In hindsight: Early engineering decisions at Greenline

Welcome to Greenline’s Engineering Blog

Our goal here is to share our stories and learnings on building a system that now supports 500+ stores across Canada and processes over $45 million in cannabis retail sales every month. I hope that whether you work at a startup or not, you’ll find stories that you can relate to!

Engineering is messy. Startup engineering is especially so, and I’d argue that if it’s not messy you’re doing it wrong. Speed matters a lot, and it’s impossible to make perfect architectural decisions early on. As a young 20s kid with only 2 years of professional software development under my belt, I did what I knew how to do at the time.

Now we have an incredible software development team who knows what they’re doing! We’ve had plenty of time to reflect on old decisions and pave better paths forward, so let’s dive into our early engineering decisions in hindsight.

We chose JavaScript to power our front and back-end

2016 was a hectic time in the world of JavaScript. It was never easier to spin up a complete project with all sorts of boilerplates, but at the same time it was never harder to know exactly what was ‘right’. Hacker News was espousing the virtues of pure JavaScript in a world of framework overload, and YouTube tutorials were getting outdated every 6 months.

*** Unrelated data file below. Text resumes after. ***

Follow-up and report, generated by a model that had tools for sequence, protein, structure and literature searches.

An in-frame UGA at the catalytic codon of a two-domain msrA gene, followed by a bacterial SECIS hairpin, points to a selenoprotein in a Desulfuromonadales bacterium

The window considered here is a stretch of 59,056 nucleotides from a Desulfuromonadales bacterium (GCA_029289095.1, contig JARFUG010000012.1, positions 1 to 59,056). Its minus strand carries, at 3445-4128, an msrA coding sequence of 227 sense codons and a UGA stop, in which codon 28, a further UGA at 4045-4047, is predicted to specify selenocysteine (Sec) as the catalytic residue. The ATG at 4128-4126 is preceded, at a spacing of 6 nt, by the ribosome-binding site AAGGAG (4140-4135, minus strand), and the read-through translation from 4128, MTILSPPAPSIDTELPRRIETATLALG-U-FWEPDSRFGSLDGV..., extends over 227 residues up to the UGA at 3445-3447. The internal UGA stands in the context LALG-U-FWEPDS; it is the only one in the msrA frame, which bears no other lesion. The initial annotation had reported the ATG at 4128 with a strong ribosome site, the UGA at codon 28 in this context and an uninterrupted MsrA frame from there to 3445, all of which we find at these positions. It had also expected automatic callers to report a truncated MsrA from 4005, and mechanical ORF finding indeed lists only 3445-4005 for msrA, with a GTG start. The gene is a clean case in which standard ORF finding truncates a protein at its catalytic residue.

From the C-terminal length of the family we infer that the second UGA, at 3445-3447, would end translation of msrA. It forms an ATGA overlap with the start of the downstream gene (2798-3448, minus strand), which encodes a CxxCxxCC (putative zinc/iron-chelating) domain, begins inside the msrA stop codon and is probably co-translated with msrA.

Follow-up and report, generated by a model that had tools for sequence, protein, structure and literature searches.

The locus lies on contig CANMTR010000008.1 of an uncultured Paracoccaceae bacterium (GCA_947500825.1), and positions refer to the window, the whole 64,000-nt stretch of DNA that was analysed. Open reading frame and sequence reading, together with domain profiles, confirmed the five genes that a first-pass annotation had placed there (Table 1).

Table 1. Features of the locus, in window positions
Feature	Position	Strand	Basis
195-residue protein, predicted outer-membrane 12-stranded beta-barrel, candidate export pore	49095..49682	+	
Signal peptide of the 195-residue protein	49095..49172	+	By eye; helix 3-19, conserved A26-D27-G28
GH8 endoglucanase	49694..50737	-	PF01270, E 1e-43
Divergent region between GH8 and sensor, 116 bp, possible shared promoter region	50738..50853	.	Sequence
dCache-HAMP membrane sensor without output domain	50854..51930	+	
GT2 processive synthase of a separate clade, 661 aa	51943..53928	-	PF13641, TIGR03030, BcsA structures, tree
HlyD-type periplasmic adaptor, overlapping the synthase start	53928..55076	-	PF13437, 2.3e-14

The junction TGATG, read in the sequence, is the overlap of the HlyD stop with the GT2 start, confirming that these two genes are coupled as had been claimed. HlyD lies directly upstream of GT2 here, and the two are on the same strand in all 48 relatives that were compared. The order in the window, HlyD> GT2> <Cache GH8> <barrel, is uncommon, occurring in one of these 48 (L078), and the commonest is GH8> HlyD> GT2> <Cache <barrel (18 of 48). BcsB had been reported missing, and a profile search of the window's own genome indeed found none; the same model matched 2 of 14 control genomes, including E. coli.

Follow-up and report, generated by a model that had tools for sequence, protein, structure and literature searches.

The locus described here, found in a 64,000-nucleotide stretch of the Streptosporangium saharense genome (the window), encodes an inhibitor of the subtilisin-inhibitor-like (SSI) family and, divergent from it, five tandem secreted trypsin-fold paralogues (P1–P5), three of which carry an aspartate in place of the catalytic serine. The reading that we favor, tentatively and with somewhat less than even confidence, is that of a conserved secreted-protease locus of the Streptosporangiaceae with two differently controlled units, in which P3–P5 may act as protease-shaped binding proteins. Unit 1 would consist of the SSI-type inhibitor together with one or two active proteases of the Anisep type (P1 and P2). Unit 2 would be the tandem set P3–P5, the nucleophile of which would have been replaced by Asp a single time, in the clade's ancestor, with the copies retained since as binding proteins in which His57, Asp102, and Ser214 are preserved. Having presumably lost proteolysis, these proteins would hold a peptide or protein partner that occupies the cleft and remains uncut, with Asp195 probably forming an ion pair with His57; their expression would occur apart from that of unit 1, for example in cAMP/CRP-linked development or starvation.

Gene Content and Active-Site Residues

I knew that Greenline would eventually have to become a high-reliability, high-performance system. I knew that there were other languages and frameworks that would theoretically facilitate those goals better than JavaScript, but I also had other goals in mind.

  • How easy would it be to hire for?
  • How easy would it be to train for?

As a bootstrapped startup with no cash, there was no way that I would be able to hire/attract senior developers with 10+ years of professional experience. Talent would have to be developed, and for that to be effective, the technology needed to be easy to pick up. Nothing even comes close to JavaScript.